By Mr. James Brabenec (IMCOM)January 10, 2013
FORT SILL, Okla. -- 3, 2, 1 ... at a buzzer's sound five well-protected players sprint onto a playing field unleashing a hailstorm of paintballs intent to wipe out their adversary while evading incoming opponent volleys in a 5-minute period.
The first team to "color" its opponent's five players wins.
For Staff Sgt. Jeff Munoz, a 10-year paintball veteran, fast-paced competitive team paintball opened doors to friendships and tournaments with fellow enthusiasts from around the world. New to Fort Sill, Okla., he wants to establish and train a team here to play in world class paintball tournaments like he did while stationed in Korea.
That eight-man team, known as the Army All Stars, received Army support to return stateside and compete in two national events. Though they didn't win, the exposure boosted awareness of the Soldiers and their positive efforts to represent the Army.
"I believe the best thing the Army can do for Soldiers is find those who are doing good things and support them," said Munoz, a drummer with the 77th U.S. Army Band here.
Playing in a tournament arena about one-third the size of a football field, he said good paintball teams need quick thinking athletes to compete. Intelligent players can scan the playing field and the inflatible barriers interspersed throughout to root out opposing players, locate cover from which to shoot or dive to evade an enemy onslaught.
Each team fields five players with three others in reserve. The team that wins the best two-out-of-three games wins the match.
He said trained paintballers make the game much more fun because good teams attack and shoot as a unit. Individuals who hide may jeopardize the entire team.
"Having an untrained player is like having no one out there at all. Sure, they might survive not getting shot in the first 10 seconds, but quick elimination is usually better," he said.
That hider who ends up as the last player on a team draws a lot of interest from the other team.
"Getting run down up close by three to five players is never a good time," said Munoz.Though he's looking for male or female Soldiers, he will train anyone associated with Fort Sill on how to play correctly and proficiently.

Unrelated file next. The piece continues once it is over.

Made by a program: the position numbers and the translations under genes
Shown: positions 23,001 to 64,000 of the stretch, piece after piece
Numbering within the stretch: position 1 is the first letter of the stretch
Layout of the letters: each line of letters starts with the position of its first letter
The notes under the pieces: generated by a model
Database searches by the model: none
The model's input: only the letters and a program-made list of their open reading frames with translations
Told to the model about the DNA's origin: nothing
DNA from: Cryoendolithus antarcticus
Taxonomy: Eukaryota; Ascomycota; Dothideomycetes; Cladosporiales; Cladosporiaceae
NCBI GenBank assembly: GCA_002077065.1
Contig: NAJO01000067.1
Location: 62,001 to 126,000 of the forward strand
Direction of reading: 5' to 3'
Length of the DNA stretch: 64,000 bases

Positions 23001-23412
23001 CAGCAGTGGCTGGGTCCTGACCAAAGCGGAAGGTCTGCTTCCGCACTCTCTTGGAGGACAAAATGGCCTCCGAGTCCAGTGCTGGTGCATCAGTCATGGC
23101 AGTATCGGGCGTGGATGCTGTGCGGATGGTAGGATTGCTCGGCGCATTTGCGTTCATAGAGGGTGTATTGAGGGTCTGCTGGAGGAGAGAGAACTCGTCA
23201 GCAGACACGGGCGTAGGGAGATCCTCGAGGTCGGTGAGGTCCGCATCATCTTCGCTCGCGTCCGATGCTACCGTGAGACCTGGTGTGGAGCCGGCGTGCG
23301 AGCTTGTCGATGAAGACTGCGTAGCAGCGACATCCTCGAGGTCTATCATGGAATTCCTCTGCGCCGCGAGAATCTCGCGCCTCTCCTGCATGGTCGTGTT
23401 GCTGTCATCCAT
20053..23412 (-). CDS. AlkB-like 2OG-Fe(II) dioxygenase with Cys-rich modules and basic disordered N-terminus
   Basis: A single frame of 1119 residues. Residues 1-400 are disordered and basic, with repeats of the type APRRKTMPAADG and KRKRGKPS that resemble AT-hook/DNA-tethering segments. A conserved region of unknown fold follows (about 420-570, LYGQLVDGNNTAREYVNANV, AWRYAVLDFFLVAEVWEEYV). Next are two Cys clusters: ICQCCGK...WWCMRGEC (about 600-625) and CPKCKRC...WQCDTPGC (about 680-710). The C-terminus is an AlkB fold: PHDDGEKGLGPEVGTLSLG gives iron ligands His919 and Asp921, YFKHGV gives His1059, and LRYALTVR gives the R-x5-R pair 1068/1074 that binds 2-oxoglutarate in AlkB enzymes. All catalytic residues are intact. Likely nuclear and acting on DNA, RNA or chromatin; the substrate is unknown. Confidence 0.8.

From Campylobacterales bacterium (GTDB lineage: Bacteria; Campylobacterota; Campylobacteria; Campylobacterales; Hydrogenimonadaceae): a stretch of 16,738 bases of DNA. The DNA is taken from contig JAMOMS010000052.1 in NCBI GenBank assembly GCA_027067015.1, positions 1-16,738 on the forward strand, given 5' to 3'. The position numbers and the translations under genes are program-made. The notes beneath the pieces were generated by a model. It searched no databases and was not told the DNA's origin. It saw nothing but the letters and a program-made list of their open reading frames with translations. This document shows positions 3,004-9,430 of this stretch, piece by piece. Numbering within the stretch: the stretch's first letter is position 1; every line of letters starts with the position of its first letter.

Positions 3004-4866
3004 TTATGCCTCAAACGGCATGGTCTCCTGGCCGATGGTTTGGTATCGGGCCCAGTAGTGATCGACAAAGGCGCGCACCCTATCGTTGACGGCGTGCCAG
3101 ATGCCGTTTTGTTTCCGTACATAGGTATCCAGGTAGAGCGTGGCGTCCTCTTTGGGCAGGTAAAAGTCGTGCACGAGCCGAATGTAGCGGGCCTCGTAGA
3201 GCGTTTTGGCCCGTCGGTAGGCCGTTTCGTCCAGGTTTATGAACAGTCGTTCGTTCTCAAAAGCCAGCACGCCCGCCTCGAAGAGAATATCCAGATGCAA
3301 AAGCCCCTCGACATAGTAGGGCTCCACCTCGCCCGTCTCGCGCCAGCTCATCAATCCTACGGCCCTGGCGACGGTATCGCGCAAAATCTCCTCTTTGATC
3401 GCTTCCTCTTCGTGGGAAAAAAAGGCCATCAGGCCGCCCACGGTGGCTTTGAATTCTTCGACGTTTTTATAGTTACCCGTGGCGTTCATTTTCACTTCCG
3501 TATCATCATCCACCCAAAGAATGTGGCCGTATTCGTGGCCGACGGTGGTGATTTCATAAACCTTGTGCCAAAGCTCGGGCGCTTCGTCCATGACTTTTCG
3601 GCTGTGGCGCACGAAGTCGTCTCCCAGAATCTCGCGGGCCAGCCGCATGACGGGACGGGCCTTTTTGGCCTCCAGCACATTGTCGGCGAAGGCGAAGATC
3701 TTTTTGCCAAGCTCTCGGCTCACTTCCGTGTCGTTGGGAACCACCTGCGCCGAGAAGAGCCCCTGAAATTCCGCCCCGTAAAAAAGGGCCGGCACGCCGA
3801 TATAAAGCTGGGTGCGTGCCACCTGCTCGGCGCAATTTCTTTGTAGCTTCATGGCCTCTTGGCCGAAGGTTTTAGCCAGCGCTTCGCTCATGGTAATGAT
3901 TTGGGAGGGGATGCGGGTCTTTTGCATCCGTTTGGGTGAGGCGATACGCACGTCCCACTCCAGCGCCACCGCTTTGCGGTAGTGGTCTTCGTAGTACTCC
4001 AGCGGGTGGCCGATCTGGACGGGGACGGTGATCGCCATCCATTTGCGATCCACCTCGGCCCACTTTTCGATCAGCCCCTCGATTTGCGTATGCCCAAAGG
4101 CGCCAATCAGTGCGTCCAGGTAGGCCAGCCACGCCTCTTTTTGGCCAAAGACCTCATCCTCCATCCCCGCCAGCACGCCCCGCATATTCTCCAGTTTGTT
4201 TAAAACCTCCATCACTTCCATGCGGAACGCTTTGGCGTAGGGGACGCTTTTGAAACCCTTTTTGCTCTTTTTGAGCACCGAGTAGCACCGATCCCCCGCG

"I'm looking for people who can run a 40-foot sprint really fast while shooting at someone. At the same time, they must keep both eyes open scanning the playing area for threats or targets," he said.
Most importantly, Munoz said, players must communicate with each other to be effective as a team. "Look right," "shoot left, now shoot right, dive!" are directions players may hear from teammates.
Levi Newman, a Soldier stationed at Fort Lee, Va., played paintball with Munoz in Korea and said he would gladly join his friend again for a tournament.
"Jeff is the kind of player who boosts everyone's confidence," said Newman. "He's especially good delivering a motivational speech just before we take the field."
Because tournament paintball plays in a confined space, it requires strict measures to ensure the safety of all participants. Although there's a lot of fast, heavy shooting, Munoz said paintball guns cannot fire more than 12.5 balls per second nor send a round out at faster than 300 feet per second. This is especially important because at times he might run past and dispatch an opponent from point-blank range. To diminish the impact of these pellets, players cover themselves head to toe in padded jerseys and pants with additional arm and knee pads. Finally, the face shield must meet specific safety requirements to provide optimal protection.